In this blog entry I am presenting the work-in-progress of one of my photography series. It’s a collection of photographs from the fishermen’s neighborhood in Guet Ndar in Saint-Louis of Senegal. There will be some updates to this post with more information about the project and links to further reading in the coming weeks so please do come back again!
Guet Ndaru Mool is primarily a visual essay with portraits that I have produced on fish skin. They represent a community of fishermen who, as a result of climate change, coastal erosion and rising sea levels, are losing their homes and jobs in a world in which the entire traditional and small-scale fishing and fish processing are at stake. These portraits are accompanied by witnessing voices by the persons involved, telling that all this is happening now. Some of these voices can also be heard in a short video that I have shot in Guet Ndar.
I have no words for the alarming info graphics on the rising sea temperatures in this part of the world! Some Western countries and the Chinese – and who not – are snatching the sardines from the plates of the local population by building lucrative fishmeal factories on the shores of Mauritania, Senegal and Gambia. West Africa’s sardinella are joining a worldwide diaspora of sea creatures fleeing as waters warm. The sheer scale of this mass migration dwarfs anything taking place on land: Fish are moving 10 times farther on average than terrestrial animals affected by rising temperatures. More on this can be found in this eye-opening report called Plundering Africa by Reuters.
This is what it looks like when the heavenly taps open… This year the rainy season has been mild except for this last rain which poured down yesterday during about an our. It took a couple more hours before all this water had disappeared from the streets.
After rain it’s necessary to sweep ponds of water from the rooftop as some parts of the flat roof tilt the wrong way in regard to the evacuation pipes and the water that stagnates there finds its way very fast to even the smallest of cracks and into the building. When it rains heavily, the water starts to flood into the house also from the balconies because it cannot get out fast enough. So you need is rags, and more rags, and never leave the house for too long these days.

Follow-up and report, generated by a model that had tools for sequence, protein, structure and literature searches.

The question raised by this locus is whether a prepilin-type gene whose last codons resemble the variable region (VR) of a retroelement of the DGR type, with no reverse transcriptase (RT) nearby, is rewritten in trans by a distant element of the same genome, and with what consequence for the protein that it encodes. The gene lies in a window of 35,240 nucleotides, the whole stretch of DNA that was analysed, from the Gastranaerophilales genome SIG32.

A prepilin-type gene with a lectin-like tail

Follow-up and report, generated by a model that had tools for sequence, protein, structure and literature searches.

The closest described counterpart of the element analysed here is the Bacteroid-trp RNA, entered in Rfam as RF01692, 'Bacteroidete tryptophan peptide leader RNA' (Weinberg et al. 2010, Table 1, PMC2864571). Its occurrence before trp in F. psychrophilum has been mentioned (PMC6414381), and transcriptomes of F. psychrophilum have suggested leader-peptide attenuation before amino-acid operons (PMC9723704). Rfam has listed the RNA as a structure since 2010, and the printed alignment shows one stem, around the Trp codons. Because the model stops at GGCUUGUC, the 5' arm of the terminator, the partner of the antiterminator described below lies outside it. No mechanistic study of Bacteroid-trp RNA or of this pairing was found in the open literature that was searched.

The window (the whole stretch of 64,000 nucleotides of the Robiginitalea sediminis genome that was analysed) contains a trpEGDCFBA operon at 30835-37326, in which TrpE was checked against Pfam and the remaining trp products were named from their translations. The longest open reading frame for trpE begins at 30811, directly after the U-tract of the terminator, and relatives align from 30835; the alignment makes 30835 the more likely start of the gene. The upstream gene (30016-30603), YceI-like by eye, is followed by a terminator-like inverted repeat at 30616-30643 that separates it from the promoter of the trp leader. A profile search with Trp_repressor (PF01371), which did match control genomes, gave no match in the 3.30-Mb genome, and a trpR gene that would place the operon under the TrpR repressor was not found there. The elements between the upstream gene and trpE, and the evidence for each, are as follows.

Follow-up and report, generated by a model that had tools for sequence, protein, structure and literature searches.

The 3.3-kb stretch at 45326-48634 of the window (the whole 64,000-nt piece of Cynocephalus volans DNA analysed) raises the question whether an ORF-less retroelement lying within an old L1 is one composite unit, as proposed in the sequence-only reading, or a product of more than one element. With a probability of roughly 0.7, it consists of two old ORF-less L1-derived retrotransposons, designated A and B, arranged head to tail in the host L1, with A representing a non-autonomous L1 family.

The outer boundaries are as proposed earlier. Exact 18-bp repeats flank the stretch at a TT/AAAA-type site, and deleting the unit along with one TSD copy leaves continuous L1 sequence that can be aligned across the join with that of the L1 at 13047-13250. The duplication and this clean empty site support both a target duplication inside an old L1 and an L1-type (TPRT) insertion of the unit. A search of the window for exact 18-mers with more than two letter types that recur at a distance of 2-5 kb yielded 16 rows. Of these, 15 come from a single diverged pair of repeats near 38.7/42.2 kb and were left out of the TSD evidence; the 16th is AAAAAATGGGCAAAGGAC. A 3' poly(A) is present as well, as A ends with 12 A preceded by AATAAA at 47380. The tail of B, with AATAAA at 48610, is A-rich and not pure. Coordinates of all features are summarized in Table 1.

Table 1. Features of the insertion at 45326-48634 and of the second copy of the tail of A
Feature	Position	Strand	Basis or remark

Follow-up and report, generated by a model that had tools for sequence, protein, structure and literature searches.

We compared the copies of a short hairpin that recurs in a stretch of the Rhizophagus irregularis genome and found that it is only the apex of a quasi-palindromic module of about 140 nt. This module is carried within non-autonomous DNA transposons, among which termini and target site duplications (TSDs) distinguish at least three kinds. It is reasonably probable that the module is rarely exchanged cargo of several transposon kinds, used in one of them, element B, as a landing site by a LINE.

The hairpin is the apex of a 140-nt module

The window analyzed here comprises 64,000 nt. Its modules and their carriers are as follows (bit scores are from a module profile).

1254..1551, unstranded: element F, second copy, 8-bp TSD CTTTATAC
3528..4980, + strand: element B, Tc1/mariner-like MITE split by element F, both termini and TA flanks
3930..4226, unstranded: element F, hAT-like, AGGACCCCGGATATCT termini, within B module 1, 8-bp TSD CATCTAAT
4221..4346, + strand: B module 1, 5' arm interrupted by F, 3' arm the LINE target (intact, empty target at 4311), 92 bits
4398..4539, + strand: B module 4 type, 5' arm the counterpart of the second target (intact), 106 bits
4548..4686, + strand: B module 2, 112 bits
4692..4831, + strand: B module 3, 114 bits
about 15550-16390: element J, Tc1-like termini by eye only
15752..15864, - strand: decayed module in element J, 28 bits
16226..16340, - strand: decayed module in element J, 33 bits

Guet Ndaru Mool is one of my continuous photography projects. Now after summer break I thought I would focus particularly on portraits and make a series that would have a retro feel and reflect the organic nature of the local fishing business. Here’s for starters:
The local fishing community feels the effects of climate change first hand and many families have already lost their homes to the sea. Their lifestyle is vulnerable and alarmingly threatened because of coastal erosion and rising sea levels. A few years back we hosted documentary photographer Greta Rhybus at Waaw and she made a fantastic photo series on climate change in Senegal.
In Saint-Louis life really spins around fishing. There are anglers on the edges of the river; men in water up to the waist – or sometimes neck – throwing in their nets both in the river and in the sea; there are small boys in giant wooden fishing boats called pirogue on the shores just waiting to grow and follow in the footsteps of their fathers; there are boat builders, engine repairers, horse carriages, fish dryers, men sleeping on giant mountains of blue nets, waiting for departure or resting after a night out in the sea, net repairers, refrigerators, ice vans, ice factories… and the big fish market where women handle and sell fish and where the other-worldly scenes of busy crowds, melting ice and crazy chaos with some hidden order to it make it one of my favorite spots in the entire town… That other-worldliness is what I am hoping to catch into my portraits.